I have major depressive disorder. This mental-health condition can put me down and out several times a year. Thankfully, knowing my limits has helped me minimize depression’s mindset. While knowing my limits is important, it’s equally important that I set limits within these depressive states themselves. How? Well, I give myself permission to go to bed, forget about the outside world and let the exhaustion overtake me.

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But is this self-care? For me, the answer is yes – but only because I set an upper limit of three days. After that, I roll myself on the floor and start my day. (Note: when I do this, I always feel better.) However, If I used self-care as an excuse to keep myself in bed longer, I would slip in a sea of darkness. The exact opposite of what self-care is designed to do.


On the road to mental wellness, this would be the equivalent of turning around and going back the way I came. I don’t know about you, but I never want to go backwards. It’s hard enough having PTSD and reliving those most traumatic of moments.

The takeaway? Many of the coping skills we deploy to help us win the daily struggle have their own limitations. Not enough self-care? We can edge ever closer to a disability. Too much self-care? It can allow our mental illness to hold us captive. In my view, it’s all about finding a healthy balance.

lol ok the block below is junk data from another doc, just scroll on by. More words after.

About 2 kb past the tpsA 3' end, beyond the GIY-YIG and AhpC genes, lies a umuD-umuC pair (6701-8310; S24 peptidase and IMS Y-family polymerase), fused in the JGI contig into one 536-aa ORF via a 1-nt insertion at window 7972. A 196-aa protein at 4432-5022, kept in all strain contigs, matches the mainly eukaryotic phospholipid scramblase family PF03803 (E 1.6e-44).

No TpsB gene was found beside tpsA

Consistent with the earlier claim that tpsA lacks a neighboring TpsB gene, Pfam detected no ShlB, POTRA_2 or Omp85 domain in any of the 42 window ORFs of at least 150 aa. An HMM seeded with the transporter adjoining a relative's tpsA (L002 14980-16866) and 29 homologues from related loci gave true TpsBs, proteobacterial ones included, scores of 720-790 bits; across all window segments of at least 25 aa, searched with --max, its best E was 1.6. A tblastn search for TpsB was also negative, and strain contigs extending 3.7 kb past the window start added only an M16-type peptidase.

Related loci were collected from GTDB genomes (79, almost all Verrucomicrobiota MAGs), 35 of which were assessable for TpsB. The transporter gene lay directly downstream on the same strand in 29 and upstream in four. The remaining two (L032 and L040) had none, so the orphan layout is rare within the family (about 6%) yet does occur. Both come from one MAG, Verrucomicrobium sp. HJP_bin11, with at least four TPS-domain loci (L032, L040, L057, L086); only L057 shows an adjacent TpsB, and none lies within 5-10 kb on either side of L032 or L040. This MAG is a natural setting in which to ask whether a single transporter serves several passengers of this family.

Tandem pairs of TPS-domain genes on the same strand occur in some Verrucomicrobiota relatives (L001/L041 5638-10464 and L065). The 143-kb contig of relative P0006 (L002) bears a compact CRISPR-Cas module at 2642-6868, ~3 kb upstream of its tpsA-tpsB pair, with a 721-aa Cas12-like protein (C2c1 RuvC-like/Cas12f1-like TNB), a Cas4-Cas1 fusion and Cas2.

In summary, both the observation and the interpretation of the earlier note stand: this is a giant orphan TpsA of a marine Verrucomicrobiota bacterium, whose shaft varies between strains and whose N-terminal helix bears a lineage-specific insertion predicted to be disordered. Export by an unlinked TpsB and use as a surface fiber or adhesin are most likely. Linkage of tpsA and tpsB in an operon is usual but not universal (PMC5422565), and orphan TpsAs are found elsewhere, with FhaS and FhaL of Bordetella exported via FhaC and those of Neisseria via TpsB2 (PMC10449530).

Now, you can listen to our posts – go to our Audio blogs page.

“Our goal should always be to strive for the happy stretches that we are blessed with. That’s why self-care is so important”

– Jonathan Arenburg
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Self-care is important but be aware – copyright 2021

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Jonathan Arenburg

Jonathan Reginald-Nixon Arenburg (Born January 14, 1976) is a Canadian mental health blogger, speaker, and published author. Retired from the fire service and long-term care fields, he has written and self-published an autobiographical account of his life-long battle with anxiety, depression and more recently, post-traumatic stress disorder (PTSD). Titled, The Road To Mental Wellness, he wrote it for what he calls “therapeutic release.” He published it in hopes it would help others going through similar mental health conditions. The sales of The Road To Mental Wellness have been steady selling over 300 copies since its release on October 10, 2021(World Mental Health Day). Arenburg has also been involved in a collaborative publication Called Lemonade Stand Volume III, a book featuring 20 authors who bravely tell their stories of PTSD. All authors where from the military and or emergency services. Published by Joshua Rivedal and Kathleen Myers for the i’Mpossible project, a mental health advocacy organization. Jonathan has also appeared on several mental health podcasts including The Depression Files, A New Dawn, and The Above Ground Podcast Arenburg has also consulted with the Government of Nova Scotia and the Minister of Mental Health and Addictions, the Honorable Brian Comer and Candidates for the New Democratic Party of Canada, on improving the mental health care system in Canada. Additionally, Jonathan was recognized in The Nova Scotia Legislature by the Honorable, Chris Palmer, Kings-North MLA, for his Book, The Road To Mental Wellness, his fight to make the mental health care system better. In addition, Chis acknowledged the support he gives to others.